“Leah Jensen, Mr Abbey’s sister-in-law. I was married to Kristine’s brother.”

DS Teo nodded first at Daniel, then at Leah. “Mr Abbey, Mrs Jensen, thank you for agreeing to talk with us. I wish we were meeting under better circumstances.”

DC Masters jotted something in his notebook.

“Kristine Abbey’s death is now being treated as a homicide. Before you leave the hospital, we require the clothes you are wearing, including your shoes. If you would go with DC Masters, he will arrange for this.”


Daniel emerged into the corridor in time to see Leah exit the door diagonally opposite. He couldn’t read her expression; it was if she’d disappeared inside herself and put the shutters up, her face as white as the crepey coveralls they both wore.

The detectives escorted them outside to two waiting patrol cars. You didn’t need to be a genius to understand why, Daniel thought.

“Are we under arrest?” Leah asked, her voice small and meek.

“No, but we would appreciate it if you’d accompany us to the police station to help us with our enquiries.”

“How long do you think that will take?”

“Hopefully not too long.” DS Teo held the door open, placing her hand on top of Leah’s head as she got into the patrol car’s back seat.

Daniel slid into the back seat of the other vehicle, not convinced that DS Teo meant what she said.

Once at the police station, a uniformed officer showed him into an interview room. Everything was grey, from the dark-grey industrial carpet to the ash-grey walls to the laminated table. Even the air smelled grey, the echo of countless police interviews trapped within the four walls. He sighed, a craving for a single malt gnawing at his gut.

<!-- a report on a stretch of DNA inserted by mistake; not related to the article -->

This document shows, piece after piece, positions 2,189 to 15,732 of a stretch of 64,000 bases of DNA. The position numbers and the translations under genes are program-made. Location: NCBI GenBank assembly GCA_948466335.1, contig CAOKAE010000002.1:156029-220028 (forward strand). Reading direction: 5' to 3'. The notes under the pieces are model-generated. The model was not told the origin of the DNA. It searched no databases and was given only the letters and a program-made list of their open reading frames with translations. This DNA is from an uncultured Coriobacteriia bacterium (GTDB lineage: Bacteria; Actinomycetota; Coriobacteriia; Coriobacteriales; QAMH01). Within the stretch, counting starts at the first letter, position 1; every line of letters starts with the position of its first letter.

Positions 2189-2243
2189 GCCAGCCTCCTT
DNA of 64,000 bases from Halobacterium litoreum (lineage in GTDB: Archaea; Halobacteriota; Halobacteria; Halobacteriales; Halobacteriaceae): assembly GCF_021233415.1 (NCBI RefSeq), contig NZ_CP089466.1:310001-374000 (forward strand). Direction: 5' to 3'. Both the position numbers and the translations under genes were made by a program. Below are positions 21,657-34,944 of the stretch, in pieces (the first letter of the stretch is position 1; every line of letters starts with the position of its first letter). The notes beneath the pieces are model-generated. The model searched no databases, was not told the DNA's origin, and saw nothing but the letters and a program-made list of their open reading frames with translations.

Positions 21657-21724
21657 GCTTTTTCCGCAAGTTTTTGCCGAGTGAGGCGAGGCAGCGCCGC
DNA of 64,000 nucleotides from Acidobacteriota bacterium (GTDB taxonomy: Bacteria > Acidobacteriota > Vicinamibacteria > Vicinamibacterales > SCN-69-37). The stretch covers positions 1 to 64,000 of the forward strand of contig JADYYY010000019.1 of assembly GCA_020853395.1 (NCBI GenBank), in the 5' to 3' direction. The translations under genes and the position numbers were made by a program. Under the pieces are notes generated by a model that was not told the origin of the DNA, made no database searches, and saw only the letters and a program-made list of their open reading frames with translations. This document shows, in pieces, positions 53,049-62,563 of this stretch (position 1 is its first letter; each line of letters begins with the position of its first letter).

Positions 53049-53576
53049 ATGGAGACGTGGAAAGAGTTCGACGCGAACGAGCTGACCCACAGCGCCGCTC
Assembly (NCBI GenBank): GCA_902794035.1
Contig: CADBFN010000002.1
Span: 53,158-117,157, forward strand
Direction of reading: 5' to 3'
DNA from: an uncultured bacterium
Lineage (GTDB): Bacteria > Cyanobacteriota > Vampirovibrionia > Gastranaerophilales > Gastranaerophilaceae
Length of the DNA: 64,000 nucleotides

Left to his own devices, he paced the room, wishing he had his phone with him. Not that he had any idea whom he’d call. Kristine, the vivacious teacher he’d fallen in love with and married eight years ago was gone forever. He would never hear her voice again.

And after the way he’d treated Melissa, it was unlikely she’d ever want to speak to him again. But then she was the one who’d issued the ultimatum: her or his wife. Shame that.

He dropped onto one of the steel-framed chairs, elbows on the table,. kneading his temples with his thumbs. His life was never going to be the same.

The door opened and the two detectives entered. “Sorry to keep you waiting,” DS Teo said, taking the seat opposite.

Daniel made no comment. What could he say? No worries, I have nothing better to do with my time?

“We realize that this is a difficult time for you, but it’s important that we understand what happened.” DS Teo referred to her notes. “Please take us through your day from when you got up this morning.”

He took a slow breath, collecting his thoughts. “I had breakfast and went to work like I always do.”

“What time was that?”

“I left the house at six-fifteen.”

“Where was Kristine?”

“Still in bed. She doesn’t…” He swallowed. “She didn’t start work until after eight.”

“Did you call Kristine or did she call you during the day?”

“No.” He could’ve lied, but he knew they would check.

“Was that unusual?”

“No, we both had busy jobs.” Not the whole truth but close.

“And you left work at what time?” she asked, pen poised.

“A few minutes after four. I stopped to buy gas and arrived home around four-thirty.”

“Did you notice anything unusual, no matter how trivial you consider it?”

He shook his head. “Not until I got inside and saw…” He closed his eyes, his head bowed.

“How did you enter the house?”

“Down the chimney.” He was rewarded with a scowl.

“Did you enter via the front door or the back door?”

“The back.”

“Did you use a key?”

“No, it was unlocked.”

“Did your wife always leave the back door unlocked?”

Daniel slid further down his seat. “During the day when she was at home, she did.”